Matilda Agnes Heron (1830-1877) was a popular mid-19th century actress in the United States, best known for her role in the play "Camille."
Born in Ireland in 1830, Heron emigrated to the United States in 1842, and lived in Philadelphia. Starting in 1851 she began appearing professionally in plays. In 1853 she traveled to California and gained popularity. In 1854, she was married to lawyer Henry Herbert Byrne in San Francisco, but the union lasted but a few months. Her brother was shipper, Alexander Heron Jr.
While in Paris in 1855, Heron saw the popular play La Dame aux camélias (The Lady of the Camellias), and decided to present her own version, in English, in America. The resulting "Camille", for which she is best known, had its New York debut in January 1857 at Wallack's Theatre. Edward Askew Sothern played the role of the lover. Of her role in Camille, prominent theater critic William Winter later wrote: "Other parts she acted; that one she lived." She was known for her emotional style of acting.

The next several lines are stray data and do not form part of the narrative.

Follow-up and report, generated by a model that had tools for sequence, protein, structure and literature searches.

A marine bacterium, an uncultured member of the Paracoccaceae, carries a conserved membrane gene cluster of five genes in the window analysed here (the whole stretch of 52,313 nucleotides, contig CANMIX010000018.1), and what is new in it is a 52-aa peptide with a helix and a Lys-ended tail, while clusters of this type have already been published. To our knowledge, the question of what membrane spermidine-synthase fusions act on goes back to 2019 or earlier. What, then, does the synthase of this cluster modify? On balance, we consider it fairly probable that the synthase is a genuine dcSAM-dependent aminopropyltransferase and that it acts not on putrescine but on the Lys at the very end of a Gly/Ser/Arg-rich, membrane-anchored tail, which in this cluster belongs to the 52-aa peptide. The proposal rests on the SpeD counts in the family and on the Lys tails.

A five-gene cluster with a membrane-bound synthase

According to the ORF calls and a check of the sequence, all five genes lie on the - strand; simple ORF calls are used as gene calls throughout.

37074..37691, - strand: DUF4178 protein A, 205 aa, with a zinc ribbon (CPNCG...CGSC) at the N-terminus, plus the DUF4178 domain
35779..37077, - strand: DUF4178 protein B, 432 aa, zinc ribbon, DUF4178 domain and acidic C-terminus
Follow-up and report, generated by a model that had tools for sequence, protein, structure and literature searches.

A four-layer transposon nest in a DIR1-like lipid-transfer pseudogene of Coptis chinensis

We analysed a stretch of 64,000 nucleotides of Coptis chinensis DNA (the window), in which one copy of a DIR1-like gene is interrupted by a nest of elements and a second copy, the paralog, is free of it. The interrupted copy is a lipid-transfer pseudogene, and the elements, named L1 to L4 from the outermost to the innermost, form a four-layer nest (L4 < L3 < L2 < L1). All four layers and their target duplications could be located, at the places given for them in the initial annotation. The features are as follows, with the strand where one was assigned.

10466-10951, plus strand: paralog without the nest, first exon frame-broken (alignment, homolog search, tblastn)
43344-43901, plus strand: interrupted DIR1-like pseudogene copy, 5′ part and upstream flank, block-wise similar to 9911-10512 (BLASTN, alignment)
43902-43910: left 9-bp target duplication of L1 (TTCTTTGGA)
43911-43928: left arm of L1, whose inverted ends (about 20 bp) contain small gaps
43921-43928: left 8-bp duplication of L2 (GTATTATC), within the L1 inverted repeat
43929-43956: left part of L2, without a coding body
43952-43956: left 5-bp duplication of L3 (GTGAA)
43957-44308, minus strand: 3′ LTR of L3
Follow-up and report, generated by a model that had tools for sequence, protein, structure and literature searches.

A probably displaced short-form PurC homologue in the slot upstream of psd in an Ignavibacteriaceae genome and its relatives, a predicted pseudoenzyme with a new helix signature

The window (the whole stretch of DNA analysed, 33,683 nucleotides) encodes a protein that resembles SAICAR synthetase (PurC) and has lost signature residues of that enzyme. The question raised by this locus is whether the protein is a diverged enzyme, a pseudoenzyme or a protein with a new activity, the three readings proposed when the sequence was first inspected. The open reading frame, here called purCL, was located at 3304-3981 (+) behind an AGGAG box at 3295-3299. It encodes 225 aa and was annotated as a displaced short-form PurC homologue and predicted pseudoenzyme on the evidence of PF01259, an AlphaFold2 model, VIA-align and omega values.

In 1857, Heron wed composer Robert Stoepel (they separated in 1869). During the 1861-1862 season Heron wrote "The Belle of the Season" and starred in it at the Winter Garden. In 1863, she gave birth to a daughter, Helen Wallace Stoepel, better known as Bijou Heron, who became an actress herself. By the late 1860s, and as her health began to wane, Matilda Heron receded from the spotlight and taught acting. A big benefit show was done to raise funds for her in January 1872, which included Edwin Booth, Jules Levy, John Brougham, and Laura Keene.
She died in New York City on March 7, 1877. Her reported last words were "Tilly never did harm to anyone - poor Tilly is so happy."